Rena volunteers by serving as board treasurer for Carlisle Christian Academy. She also helps facilitate a program at River of God Church for single, pregnant girls which provides practical, emotional and spiritual support.

Outside of the office Rena enjoys hiking, traveling, tending to her flower beds, hosting meals on their back deck, enjoying time with dear friends, loving on her little dogs, and best of all spending time with family. Being fairly new grandparents, she and her husband Don are always happy to share pictures of their little grandson, Lucas. Feel free to ask! She considers herself amazingly blessed!

Burick Center Staff MemberDr. Peter Lu

Acupuncturist

Dr. Peter Lu trained and worked in New York City for 15 years and recently moved to central PA. He studied pre-med at Brooklyn College and attended medical school at SUNY Downstate in Brooklyn. Thereafter he worked in the inner city hospitals of New York City, and lastly had the honor of caring for people with his sister in Stamford, Connecticut.

Dr. Lu greatly appreciates open lines of communication as it pertains to questions you may have about your ailment and how acupuncture could help in the healing process. His intention to address your needs to the best of his ability.

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Burick Center Staff MemberLee Morand

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Lee has had the sincere pleasure of working in the Greater Harrisburg area for over 20 years. She relocated to Harrisburg in 1990 after completing her undergraduate degree in Nutrition Pre-Med at Cornell University. Lee received her first Master’s Degree from Shippensburg University. Her second Master’s Degree, as well as Doctorate, were both from Philadelphia College of Osteopathic Medicine.

She uses a Cognitive-Behavioral approach to guide her work with clients across the lifespan. She strongly believes research has shown that changing your thoughts does change your life. Her primary focus with clients is to reduce symptoms by assisting clients to achieve skills they can utilize in their professional, academic, and personal lives.

Burick Center Staff MemberHeather Motter

LMT, Massage Therapist and Back Desk Coordinator

Heather Motter joined the Burick Center team in 2018. A graduate of YTI Career Institute, Heather prides herself on using her highly developed skills to maintain the balance between mind and body. As a licensed massage therapist, she specializes in Medical Massage, Lymphatic Drainage, Trigger Point Therapy, and Oncology Massage.

Heather has a vast amount of experience working with a variety of patients. From a simple relaxation massage to a patient dealing with chronic pain, Heather is able to facilitate treatments uniquely designed for each patient’s individual needs.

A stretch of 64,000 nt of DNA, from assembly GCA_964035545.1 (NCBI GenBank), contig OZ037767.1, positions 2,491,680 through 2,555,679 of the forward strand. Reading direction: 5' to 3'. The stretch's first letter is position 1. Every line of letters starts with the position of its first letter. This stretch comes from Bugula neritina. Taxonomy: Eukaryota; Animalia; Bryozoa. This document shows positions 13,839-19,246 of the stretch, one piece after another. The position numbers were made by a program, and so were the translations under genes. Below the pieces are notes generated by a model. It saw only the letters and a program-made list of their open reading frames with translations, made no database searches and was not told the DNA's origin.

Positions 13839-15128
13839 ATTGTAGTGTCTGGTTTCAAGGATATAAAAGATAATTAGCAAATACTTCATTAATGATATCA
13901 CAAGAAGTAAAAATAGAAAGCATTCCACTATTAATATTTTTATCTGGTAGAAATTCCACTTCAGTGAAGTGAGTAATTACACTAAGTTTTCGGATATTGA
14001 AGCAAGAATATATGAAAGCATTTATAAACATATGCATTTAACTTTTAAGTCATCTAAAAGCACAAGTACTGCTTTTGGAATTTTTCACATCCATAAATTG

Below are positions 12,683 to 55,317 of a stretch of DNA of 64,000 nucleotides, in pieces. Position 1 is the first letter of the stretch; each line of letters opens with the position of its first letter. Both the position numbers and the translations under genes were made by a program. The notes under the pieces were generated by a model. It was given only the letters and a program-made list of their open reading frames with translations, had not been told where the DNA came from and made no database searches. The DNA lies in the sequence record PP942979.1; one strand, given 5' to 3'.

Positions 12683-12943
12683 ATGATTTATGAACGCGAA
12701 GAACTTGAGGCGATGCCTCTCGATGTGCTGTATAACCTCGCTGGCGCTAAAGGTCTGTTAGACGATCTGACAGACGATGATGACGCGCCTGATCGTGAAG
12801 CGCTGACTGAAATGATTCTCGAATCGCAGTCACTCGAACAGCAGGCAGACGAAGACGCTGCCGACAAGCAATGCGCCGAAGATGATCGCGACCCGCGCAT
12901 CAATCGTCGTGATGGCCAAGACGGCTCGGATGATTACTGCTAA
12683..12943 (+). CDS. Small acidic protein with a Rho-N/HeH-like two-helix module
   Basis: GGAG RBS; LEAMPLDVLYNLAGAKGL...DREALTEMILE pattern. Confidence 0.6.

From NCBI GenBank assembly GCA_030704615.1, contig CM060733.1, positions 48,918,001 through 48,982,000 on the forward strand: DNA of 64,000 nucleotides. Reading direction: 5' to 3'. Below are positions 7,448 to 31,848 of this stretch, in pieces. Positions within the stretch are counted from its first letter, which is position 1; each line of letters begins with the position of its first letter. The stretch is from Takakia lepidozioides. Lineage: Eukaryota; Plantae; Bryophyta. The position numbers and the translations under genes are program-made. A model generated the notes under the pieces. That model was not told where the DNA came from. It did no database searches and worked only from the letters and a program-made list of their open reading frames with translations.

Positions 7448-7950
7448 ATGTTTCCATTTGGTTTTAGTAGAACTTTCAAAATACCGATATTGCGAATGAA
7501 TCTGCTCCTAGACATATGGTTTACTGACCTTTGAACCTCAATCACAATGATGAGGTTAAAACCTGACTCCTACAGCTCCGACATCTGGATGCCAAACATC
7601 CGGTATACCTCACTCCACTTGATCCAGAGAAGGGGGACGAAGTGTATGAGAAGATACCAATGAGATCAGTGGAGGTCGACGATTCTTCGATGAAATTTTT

Heather insists that massage is not just a relaxation luxury. Instead, her philosophy is that massage helps lead to a healthier, happier lifestyle. She encourages everyone to take the time to meet with her to develop a care plan to enhance their overall wellness.

Heather is a resident of Carlisle, where she resides with her fiancé, two sons, and four dogs. When she’s not at work, she can be found outside working on her back yard oasis, or volunteering at Speranza Animal Rescue.

Burick Center Staff MemberFelicia Miller

Nutritionist

Felicia Miller is a Registered Dietitian and Licensed Dietitian Nutritionist who provides nutritional counseling and education to patients of the Burick Center for Health & Wellness.

She takes the science of nutrition with her extensive knowledge of food and coaching skills to create an easy-to-follow actionable plan for her clients to follow.

Recognizing that there are multiple components to creating a successful wellness plan, she looks at the whole person – their concerns, lifestyle, personality, family, and career. Listening to her patients allows for Felicia to find the root cause of their issue and not simply the symptoms.

“Being healthy goes beyond diet, food is just one of the pillars of a happy, healthy person.” Felicia goes beyond the traditional diet education- she coaches and supports her patients as they learn how to make changes in their day-to-day life.

“I’m passionate about whole foods and healthy living I strive to inspire you to make positive food and lifestyle changes – at any age.”

Burick Center Staff MemberAshley Weibley

Registered Nurse

Ashley is a nurse at Burick Center for Health & Wellness. Her nursing philosophy is one of holistic care. She is a patient advocate committed to clear communication, education and applying critical thinking and decision-making skills to help patients achieve better outcomes. She enjoys providing the highest quality nursing care in a respectful, healing environment. She has a personal commitment to life-long learning through formal education and hands-on experience. She appreciates that compassion along with innovative care is what the Burick Center for Health & Wellness is all about.

Ashley has an Associate’s Degree from Harrisburg Area Community College and a Bachelors Degree from Penn State University.

She is married and has twin boys, She enjoys spending time with her friends, family and pets. She has owned and shown Quarter Horses all of her life and continues to compete in her spare time.